The biography of Mystik Journeymen is easily the best rags-to-riches story in a genre that’s replete with rags-to-riches stories. Two guys launch their music careers by hawking cassettes outside of Rasputin. They live in an East Oakland warehouse, throw parties with a $1.87 door charge, and use the proceeds to pay their electric bill. They sustain themselves on Top Ramen and tour in a Greyhound bus. They produce tracks from gospel records in Amoeba‘s dollar bin. And the tracks have actual staying power.
When Journeymen emcees Luckyiam and Sunspot Jonz graced The New Parish last Thursday, they seemed largely unchanged since the days of warehouse partying and instant noodle soup. Lucky had face piercings and neck tattoos, Jonz wore a sideways baseball cap and a T-shirt advertising some college radio station in Colorado. Now in their late-thirties, the Journeymen still eke out a living on hip-hop and various hip-hop-related enterprises. And, evidently, they still struggle for name recognition. Roughly fifty people showed up to Thursday night’s show, most of them ardent fans who have followed the Journeymen for years.
Blame it on branding, since the name “Mystik Journeymen” gets less currency than that of the group’s crew, Living Legends. Or blame it on a relative dearth of publicity. Or the fact that they had to compete with a free show at Mezzanine in San Francisco, which featured fellow Oakland rappers Hieroglyphics alongside their more-famous Mississippi counterpart, David Banner. Whatever the case, it was a disappointing turnout. Sunspot swaggered in at 11 p.m., sussed out the crowd, and sat down dejectedly on a chair. He had the hiccups.
Granted, the Journeymen are accustomed to far greater challenges. They started their careers with an incredible paucity of resources. “I didn’t have that many records because I was too broke,” Jonz said, during an interview at his Jack London Square hotel room. “So I sampled off the jazz station on the radio.” According to legend, the Journeymen recorded a demo on top of a Taylor Dayne cassette tape. Not for nothing were their most famous parties nick-named “Underground Survivors” and “Broke Ass Summer Jams.”
But the rappers knew how to brand themselves, and they eventually formed a formidable eight-man crew. About ten years ago, seven of the eight Living Legends moved to Los Angeles and tried to consolidate their market. They focused on touring and merchandizing, expanding their business to include T-shirts, DVDs, and other schwag. In 2007, they toured with Rage Against the Machine. They still spend much of the year on the road. Ironically, though, they’re losing the warm embrace of Oakland.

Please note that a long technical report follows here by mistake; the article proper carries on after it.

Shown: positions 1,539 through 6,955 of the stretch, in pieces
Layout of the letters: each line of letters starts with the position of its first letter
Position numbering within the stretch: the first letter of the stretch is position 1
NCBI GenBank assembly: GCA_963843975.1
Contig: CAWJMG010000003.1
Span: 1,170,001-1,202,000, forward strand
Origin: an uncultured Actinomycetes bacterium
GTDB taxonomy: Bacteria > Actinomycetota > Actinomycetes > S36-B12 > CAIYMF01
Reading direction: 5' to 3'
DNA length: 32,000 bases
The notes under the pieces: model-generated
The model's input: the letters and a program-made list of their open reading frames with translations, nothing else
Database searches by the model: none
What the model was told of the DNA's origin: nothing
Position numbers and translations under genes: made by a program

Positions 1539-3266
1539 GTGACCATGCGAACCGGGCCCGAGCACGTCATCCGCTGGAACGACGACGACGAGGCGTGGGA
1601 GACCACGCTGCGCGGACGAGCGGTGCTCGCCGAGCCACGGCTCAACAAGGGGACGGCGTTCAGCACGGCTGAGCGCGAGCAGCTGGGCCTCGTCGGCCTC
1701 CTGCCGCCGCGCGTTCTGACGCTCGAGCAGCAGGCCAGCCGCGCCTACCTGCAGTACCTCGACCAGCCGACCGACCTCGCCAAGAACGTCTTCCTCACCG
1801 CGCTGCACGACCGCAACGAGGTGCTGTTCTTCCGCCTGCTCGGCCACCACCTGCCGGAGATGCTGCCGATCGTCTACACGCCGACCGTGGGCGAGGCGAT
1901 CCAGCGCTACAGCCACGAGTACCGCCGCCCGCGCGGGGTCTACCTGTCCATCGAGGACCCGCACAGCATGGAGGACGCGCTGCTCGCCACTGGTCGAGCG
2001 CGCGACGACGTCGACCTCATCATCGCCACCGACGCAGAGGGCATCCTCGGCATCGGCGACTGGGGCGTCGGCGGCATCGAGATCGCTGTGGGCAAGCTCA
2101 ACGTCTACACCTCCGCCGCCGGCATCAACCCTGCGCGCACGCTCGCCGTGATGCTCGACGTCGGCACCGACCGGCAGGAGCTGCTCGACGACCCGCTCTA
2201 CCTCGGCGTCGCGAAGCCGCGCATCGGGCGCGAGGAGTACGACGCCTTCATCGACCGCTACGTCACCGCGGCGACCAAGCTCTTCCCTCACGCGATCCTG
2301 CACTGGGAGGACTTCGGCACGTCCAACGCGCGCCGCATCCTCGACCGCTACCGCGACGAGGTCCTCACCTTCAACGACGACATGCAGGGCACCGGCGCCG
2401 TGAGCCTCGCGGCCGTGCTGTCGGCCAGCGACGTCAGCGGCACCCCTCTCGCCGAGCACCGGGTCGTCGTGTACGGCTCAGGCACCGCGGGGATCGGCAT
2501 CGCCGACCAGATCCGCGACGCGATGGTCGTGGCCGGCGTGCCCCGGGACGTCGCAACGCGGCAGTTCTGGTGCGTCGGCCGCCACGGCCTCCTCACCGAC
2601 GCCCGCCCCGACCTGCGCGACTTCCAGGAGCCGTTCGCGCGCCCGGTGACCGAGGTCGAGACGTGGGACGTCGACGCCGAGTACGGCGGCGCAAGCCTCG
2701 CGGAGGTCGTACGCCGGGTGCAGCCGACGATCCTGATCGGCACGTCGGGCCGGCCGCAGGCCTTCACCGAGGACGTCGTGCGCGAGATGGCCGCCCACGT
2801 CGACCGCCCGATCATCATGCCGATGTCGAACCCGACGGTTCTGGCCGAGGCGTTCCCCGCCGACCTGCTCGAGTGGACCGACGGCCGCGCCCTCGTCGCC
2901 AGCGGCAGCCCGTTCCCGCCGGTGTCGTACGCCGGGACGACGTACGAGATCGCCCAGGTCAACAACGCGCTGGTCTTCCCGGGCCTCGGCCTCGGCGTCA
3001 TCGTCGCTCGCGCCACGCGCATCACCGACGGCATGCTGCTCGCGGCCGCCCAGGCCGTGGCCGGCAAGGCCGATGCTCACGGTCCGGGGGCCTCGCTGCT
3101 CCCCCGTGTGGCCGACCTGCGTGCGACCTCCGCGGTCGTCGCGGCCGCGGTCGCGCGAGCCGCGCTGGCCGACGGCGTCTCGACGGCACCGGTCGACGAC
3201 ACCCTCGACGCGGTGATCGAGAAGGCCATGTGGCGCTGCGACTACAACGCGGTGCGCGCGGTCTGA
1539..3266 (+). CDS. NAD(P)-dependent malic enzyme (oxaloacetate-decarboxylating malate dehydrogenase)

Several “special guests” opened the Thursday-night show, including a young Los Angeles-born rapper named Nocando. Using a laptop as his rhythm section, Nocando cued up a series of beats, including one filched from the South London rapper Tinie Tempah (a tasteful bit of plagiarism, by hip-hop standards). Despite the primitive setup, he managed to draw audience members to the dance floor, which at least gave the illusion of a bigger crowd. And he was cute, making observational jokes about his fashion sense (namely, skinny jeans).
“Welcome to an underground show,” Jonz said, barely looking up from his iPhone.
It was nearly midnight by the time the Journeymen got onstage. And yet, audience members stuck around. Once Luckyiam and Sunspot Jonz picked up their microphones, the whole tenor of the room changed. Maybe it’s because of their height and bearing — both rappers are tall and sinewy. Or perhaps it’s their stage presence, honed by more than a decade of live performance. Or maybe it’s force of personality, or the whole elaborate mythology behind Mystik Journeymen.
In short, they were riveting. “My name is Sunspot, I will destroy you — you maybe, fifty people,” Jonz ad-libbed, as the first drum fill burbled over a stereo speaker. “I’m at the New Parish, ain’t nobody here, but we still stepping!”
“Rrrrah! Rrrrrah!” a woman cackled in the front row.
They played a set littered with classics, including the ever-inspiring “Depths of Survival,” a cut from their 2000 album, Stolen Legacy. It has the Journeymen rapping about grit and endurance over a protracted two-chord jazz vamp. The coolness of the beat belies the petulance in the lyrics. I want to be a writer/No one in my family understands Jonz rapped, stoutly defending his chosen profession.
It’s part of the essential drama that defines Mystik Journeymen. The two rappers never quite jumped the gap that separates cult status from mainstream popularity. And, in a sense, they never quite got their due. Jonz’ frustrations are obvious.
“You know what?” he asked the crowd. “This will be the last show we ever do in Oakland.”
Lucky raised a hand, as though to swat Jonz away. “Man, shut your ass up,” he chided.